And of course, if your passion is close-up photography, you can’t find a better place to experiment. The ground might be wet since it is spring, so take something to kneel on if you want to get down close to the flowers. Be aware that the wind will make the daffodils dance so it’s best to come very early in the day before the wind picks up.

The white poeticus daffodil with a tiny cup faces skyward.

The white poeticus daffodil with a tiny cup faces skyward.

When to go

April through early May is the best time to see the daffodils in bloom. The season begins with yellow early bloomers, and finishes up with more of the white varieties. Check the website http://www.daffodilfestivals.com/insidetemp.php?festid=1421  for dates of the Walk Among the Daffodil festival each year. Since it is a hilly area, you will find that there will be good light at both sunrise and sunset, at least somewhere on the hillsides.  Be aware that this is a very popular place and there can be many visitors at peak times. I find the early morning to be the best time of day to visit to avoid the sight-seers.

A shallow depth-of-field puts the emphasis on the daffodils in the foreground.

A shallow depth-of-field puts the emphasis on the daffodils in the foreground.

Tips and Techniques

If you are taking close-ups, you’ll be down low on the ground. You might remember to take something to lie or kneel on, especially if the ground is damp in the early morning or after a rain.

Try using a long lens, with a shallow depth of field to get in close to the flower while blurring the background. Experiment with different apertures to get a feel for the effect that has on the depth-of-field.  Of course, a macro lens is another must for close-ups, but with the shallow depth of field, it’s more difficult to get the entire daffodil in focus.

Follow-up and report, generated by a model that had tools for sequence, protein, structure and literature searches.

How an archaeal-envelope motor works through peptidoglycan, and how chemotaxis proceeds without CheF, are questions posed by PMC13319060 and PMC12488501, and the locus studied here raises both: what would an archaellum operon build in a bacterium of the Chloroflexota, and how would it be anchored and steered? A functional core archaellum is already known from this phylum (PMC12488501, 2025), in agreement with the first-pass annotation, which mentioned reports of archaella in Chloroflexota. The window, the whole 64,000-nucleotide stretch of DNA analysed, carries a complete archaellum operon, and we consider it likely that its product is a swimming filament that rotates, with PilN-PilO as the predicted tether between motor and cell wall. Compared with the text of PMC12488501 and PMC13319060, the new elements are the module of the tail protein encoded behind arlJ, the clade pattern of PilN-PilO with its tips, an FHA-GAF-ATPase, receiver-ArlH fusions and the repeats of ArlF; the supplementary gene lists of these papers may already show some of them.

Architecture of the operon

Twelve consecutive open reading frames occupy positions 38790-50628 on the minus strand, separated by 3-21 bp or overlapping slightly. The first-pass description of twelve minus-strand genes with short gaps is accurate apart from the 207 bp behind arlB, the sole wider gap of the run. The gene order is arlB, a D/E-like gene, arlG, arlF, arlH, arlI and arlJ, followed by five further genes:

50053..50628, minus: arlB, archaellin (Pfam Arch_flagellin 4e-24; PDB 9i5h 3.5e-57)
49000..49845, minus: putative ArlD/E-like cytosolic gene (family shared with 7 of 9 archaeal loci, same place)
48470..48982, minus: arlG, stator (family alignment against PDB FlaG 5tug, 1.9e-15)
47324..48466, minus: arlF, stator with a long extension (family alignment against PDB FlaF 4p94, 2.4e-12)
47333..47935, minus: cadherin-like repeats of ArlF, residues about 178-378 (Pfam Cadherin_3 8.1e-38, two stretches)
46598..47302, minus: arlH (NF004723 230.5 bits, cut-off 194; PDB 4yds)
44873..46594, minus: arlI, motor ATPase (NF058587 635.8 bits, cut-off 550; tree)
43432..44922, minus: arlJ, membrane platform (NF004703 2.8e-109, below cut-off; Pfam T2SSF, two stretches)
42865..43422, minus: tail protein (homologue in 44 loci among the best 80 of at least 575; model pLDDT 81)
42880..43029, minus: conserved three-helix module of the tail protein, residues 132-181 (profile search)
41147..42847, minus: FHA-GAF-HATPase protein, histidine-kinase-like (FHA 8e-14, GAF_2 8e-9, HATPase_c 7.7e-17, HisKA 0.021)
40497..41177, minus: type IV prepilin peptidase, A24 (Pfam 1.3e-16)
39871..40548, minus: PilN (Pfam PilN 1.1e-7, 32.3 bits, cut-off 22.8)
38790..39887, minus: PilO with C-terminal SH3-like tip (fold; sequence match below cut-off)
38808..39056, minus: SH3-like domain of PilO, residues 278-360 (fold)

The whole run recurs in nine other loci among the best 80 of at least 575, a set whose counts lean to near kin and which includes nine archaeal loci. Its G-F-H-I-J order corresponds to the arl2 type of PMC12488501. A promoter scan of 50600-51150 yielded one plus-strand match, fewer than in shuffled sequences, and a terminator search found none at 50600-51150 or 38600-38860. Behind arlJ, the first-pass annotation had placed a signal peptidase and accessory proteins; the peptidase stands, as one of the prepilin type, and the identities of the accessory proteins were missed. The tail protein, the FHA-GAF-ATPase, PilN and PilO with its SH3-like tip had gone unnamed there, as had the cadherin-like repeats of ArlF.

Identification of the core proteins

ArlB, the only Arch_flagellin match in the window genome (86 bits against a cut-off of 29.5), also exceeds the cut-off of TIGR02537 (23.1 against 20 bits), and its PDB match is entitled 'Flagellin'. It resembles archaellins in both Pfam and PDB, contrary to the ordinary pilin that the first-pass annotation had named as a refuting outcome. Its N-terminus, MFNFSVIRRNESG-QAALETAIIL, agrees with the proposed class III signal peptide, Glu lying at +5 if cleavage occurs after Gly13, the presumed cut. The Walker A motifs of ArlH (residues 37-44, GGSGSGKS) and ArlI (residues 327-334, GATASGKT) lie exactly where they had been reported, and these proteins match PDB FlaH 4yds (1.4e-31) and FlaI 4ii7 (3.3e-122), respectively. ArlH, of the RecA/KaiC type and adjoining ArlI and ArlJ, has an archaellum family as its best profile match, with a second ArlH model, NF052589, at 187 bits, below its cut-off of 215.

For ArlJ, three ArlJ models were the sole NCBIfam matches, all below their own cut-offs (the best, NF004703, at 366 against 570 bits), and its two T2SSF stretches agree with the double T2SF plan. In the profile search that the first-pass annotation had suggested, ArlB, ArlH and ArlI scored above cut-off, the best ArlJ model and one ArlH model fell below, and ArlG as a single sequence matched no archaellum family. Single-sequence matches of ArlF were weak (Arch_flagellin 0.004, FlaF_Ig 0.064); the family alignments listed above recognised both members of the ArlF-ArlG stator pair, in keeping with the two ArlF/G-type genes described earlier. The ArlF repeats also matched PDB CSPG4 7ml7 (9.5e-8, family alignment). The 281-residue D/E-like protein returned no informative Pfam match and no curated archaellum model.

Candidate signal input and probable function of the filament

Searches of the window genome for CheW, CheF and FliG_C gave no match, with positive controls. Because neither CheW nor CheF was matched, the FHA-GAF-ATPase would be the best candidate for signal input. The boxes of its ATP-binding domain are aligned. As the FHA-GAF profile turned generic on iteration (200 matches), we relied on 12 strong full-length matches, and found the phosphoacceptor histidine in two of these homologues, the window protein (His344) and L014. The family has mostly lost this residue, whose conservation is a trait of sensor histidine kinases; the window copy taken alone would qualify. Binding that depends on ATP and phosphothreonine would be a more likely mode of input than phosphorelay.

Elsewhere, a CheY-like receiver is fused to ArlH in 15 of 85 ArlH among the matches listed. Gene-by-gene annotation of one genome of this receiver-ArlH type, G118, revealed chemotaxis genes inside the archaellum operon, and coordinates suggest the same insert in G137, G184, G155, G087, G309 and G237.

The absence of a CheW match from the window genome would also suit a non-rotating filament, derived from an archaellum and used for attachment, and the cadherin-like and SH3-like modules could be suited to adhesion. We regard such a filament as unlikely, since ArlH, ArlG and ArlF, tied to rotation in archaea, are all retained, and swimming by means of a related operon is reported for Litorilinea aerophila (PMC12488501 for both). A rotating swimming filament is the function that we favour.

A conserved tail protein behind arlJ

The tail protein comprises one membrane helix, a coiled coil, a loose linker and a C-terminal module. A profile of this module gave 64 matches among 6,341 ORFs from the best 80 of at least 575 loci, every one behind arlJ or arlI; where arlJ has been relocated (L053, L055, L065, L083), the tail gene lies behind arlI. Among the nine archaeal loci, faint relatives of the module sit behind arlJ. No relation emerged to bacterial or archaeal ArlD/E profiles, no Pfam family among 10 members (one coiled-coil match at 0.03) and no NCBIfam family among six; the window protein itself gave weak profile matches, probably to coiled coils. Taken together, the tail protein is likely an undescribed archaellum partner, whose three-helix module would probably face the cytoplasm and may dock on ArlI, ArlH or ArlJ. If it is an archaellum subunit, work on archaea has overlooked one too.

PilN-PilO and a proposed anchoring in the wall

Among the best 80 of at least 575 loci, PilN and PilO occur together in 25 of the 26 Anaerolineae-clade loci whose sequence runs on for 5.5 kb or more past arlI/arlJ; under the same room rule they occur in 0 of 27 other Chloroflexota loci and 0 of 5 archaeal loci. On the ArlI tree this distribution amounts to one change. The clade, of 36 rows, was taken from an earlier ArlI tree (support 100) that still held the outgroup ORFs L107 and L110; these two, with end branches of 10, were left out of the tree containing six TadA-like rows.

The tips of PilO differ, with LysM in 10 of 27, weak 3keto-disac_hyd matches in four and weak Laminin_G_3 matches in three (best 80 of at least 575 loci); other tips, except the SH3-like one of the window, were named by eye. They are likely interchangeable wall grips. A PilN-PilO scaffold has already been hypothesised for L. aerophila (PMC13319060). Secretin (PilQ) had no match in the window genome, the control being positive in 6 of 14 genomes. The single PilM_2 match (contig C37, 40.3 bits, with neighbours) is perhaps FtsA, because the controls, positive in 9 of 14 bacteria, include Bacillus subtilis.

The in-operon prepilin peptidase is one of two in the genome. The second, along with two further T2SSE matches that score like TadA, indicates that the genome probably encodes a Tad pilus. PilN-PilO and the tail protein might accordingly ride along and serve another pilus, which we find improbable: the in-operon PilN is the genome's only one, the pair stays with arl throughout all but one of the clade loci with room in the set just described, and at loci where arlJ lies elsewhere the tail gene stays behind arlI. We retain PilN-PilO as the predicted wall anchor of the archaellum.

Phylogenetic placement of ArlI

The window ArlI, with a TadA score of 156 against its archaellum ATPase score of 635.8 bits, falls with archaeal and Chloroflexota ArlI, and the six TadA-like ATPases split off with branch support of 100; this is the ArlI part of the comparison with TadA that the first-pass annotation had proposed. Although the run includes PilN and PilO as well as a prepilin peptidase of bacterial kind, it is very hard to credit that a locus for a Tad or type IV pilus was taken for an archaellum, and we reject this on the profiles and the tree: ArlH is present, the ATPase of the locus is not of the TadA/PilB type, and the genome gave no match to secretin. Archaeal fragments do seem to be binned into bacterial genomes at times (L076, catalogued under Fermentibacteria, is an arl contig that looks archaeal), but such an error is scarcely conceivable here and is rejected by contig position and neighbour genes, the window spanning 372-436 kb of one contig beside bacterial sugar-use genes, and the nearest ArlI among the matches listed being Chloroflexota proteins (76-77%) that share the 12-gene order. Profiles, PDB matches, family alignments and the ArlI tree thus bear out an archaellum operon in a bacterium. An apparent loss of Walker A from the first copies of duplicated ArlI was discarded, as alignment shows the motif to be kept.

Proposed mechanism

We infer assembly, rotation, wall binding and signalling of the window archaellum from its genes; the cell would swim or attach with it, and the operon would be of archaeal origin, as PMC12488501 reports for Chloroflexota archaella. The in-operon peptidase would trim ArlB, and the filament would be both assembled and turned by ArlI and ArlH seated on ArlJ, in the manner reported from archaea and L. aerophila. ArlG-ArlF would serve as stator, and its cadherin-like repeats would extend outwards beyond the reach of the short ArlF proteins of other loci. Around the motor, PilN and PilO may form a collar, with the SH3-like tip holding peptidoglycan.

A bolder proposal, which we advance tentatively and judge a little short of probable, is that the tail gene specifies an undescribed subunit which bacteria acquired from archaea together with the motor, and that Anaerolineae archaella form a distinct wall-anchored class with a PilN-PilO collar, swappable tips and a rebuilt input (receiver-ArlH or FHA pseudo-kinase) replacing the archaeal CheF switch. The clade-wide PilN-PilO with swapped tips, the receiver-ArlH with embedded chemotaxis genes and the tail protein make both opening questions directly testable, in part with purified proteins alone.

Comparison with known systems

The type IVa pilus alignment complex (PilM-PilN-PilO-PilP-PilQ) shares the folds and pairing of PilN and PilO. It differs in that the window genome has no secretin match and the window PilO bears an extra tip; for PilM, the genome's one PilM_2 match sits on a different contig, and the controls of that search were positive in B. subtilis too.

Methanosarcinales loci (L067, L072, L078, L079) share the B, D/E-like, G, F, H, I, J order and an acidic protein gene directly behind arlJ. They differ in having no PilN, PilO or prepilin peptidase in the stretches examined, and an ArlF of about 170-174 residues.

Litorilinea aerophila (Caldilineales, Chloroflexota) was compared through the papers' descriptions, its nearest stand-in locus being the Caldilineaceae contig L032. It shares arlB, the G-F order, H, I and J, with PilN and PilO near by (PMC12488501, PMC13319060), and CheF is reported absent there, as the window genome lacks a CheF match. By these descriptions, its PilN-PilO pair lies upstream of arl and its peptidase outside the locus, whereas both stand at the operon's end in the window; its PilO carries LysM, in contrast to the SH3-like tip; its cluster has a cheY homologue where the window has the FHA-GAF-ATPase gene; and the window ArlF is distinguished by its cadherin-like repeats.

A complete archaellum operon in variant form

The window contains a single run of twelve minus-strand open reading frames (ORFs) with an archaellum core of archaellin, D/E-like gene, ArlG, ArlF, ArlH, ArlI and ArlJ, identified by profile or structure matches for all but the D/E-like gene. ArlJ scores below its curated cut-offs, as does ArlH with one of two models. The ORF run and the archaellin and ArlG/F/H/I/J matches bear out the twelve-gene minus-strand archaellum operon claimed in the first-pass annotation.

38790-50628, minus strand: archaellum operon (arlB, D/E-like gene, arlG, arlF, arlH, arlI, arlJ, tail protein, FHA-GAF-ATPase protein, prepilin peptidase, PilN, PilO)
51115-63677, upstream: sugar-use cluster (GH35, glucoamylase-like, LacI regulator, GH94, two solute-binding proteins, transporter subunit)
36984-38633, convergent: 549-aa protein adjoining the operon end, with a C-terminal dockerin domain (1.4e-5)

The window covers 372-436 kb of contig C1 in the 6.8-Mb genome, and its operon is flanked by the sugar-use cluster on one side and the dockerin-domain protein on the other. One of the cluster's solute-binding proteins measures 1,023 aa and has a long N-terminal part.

Take along a diffuser to soften bright sunlight on a sunny day. And remember to use a deflector to reflect light back onto the flower if it is heavily backlit.

Painters love to capture the short-lived spring color almost as much as photographers do!

Painters love to capture the short-lived spring color almost as much as photographers do!

Laurel Ridge Foundation

Laurel Ridge Foundation
Wigwam Rd, off Route 254
Northfield, CT 06759
Phone: 800-663-1273 (Northwest Connecticut Visitors Convention and Visitors Bureau)
Website:  http://www.daffodilfestivals.com/insidetemp.php?festid=1421

GPS coordinates: 41.68803, -73.139034 (N41° 41.2818′, W073° 8.342′)

Parking is available only along the narrow country road. Try to pull off the road as much as possible for safety. Remember that this is private land that is open for visitors only during daffodil season.

Also, no pets are allowed on the property, and while it might be tempting, no picnics are allowed.

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One Response to Laurel Ridge Daffodils

  1. Patrice says:

    Some really interesting info, well written and loosely user pleasant.